Anthony Tommasini of the New York Times keeps, well, complaining that he can’t figure out the “theme” of the recent Tully Scope festival here in New York. “But the theme of the festival was hard to discern,” he writes, referring back to the opening event in his enthusiastic review of the final concert (which I blogged about here). “And at its conclusion the theme of Tully Scope still seemed amorphous,” he continues later. In his review of the opening event he says,
I cannot figure out what the point of this festival is supposed to be. In a program note Jane Moss, the vice president for programming at Lincoln Center, writes that TullyScope is “an international bazaar,” a “discovery of all that is wonderful about New York’s musical life.” It is also, she adds, “about a very special new musical home at Lincoln Center.” Fair enough, but terribly vague.
Maybe it’s a generational thing. Somehow I doubt Mr. Tommasini uses the shuffle feature on his iPod (if he has one) to experience a randomly-ordered, surprising-filled juxtaposition of music. If he did, this may have made more sense to him.
There wasn’t a central, organizing musical focus, like the Chamber Music Society of Lincoln Center’s Manifest Legacy: Beethoven and Brahms series, which ran concurrently with Tully Scope in the same hall. You might say that it was a festival “about nothing,” as the now-ancient sitcom Seinfeld (set in New York) was often described. Which means, that like Seinfeld, it was a festival about everything. A kind of musical buffet in which one could sample all sorts of new things. The lack of a central musical point was the point. It was a celebration of musical diversity. New music, old music. Superstars like Emmanuel Ax and Jordi Savall. New York-based up-and-comers like Tyondai Braxton and Brooklyn Rider.
Closing his review of the final concert, he does hit on what I think some of we older music-types may miss the significance of:
After the concert, as with all the Tully Scope events, the audience gathered in the lobby and mingled, given glasses of sparkling wine. You were surrounded by animated conversations about the music. Lincoln Center should find a way to keep this welcome innovation of Tully Scope going.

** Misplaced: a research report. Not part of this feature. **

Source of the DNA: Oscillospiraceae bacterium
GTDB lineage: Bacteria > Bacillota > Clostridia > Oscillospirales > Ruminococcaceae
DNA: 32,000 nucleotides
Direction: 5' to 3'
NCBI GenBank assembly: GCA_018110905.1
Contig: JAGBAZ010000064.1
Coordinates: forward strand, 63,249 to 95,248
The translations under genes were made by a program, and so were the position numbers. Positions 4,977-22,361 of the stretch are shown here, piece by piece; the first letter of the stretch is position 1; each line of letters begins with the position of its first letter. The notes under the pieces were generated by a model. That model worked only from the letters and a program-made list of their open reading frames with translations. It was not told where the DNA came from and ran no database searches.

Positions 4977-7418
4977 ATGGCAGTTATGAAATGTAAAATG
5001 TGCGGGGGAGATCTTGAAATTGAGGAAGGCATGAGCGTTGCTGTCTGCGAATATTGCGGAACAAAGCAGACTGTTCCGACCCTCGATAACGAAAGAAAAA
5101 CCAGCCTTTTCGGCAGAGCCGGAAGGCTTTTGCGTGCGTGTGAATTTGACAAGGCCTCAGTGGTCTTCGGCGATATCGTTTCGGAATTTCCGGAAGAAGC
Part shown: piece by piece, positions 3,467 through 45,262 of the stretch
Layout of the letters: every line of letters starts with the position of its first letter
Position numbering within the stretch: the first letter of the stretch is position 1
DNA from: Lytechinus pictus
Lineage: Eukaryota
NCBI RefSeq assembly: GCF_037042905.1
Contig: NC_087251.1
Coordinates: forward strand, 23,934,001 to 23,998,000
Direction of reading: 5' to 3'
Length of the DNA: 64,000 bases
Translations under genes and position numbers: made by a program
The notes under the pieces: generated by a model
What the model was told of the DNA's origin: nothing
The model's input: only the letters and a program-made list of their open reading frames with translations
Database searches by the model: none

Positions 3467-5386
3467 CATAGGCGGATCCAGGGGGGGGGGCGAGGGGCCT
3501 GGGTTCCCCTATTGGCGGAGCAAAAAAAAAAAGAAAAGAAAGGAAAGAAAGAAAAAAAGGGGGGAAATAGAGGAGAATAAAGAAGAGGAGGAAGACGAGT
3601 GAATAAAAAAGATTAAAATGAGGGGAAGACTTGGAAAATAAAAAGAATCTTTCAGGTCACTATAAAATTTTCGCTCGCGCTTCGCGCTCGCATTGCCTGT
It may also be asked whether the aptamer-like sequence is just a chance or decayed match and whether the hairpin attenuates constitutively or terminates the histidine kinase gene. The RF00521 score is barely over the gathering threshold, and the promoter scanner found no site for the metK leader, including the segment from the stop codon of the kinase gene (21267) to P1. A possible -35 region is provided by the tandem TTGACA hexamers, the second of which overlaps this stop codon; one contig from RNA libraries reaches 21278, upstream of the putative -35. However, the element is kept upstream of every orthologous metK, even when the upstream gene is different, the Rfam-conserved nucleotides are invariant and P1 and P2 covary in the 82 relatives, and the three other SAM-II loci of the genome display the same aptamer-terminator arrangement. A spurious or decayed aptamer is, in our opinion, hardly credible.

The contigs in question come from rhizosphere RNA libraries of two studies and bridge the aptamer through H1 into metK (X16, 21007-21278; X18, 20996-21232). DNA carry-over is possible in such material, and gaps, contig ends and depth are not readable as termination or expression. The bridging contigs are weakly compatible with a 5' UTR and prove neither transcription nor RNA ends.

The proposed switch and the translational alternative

Absolutely. As Greg Sandow points out in his post on the final concert,
People normally go out at night to have an experience. They want to do something that’ll be fun, or meaningful, something they think they’ll enjoy, that will mean something to them.
Yes, yes, yes. This added so much to the experience. I ended up meeting and chatting with someone after every concert I attended, which would not have happened without the space or without the free drink. In a comment on Greg’s post, Linda writes,
This is what “The Experience Economy” is all about. People (especially in the sought after 25-40 age group) want to buy into a complete experience, preferably one in which they can interact with other people, rather than be passive “receivers.”
The other aspect of the “complete experience,” which the reviews I’ve seen have overlooked, is Tully Scope’s fascinating use of staging and lighting design. I keep commenting on it in my blog posts because I’m realizing it’s so important and so many of us interested in the future of classical music aren’t thinking (enough) about it. What I’ve really gotten during my time here in New York is that concerts are much more visual than people my age (50+) tend to realize, or would like to be the case. For younger audiences, the visual is an important component of the complete experience.
People who just want to hear good music can stay home and listen to the inexhaustible supply of nearly a century’s worth of extraordinary recordings. Complete, interactive experiences that are humanizing and foster human connection need to engage more than just the ears. If, of course, you want more than a handful of people to attend.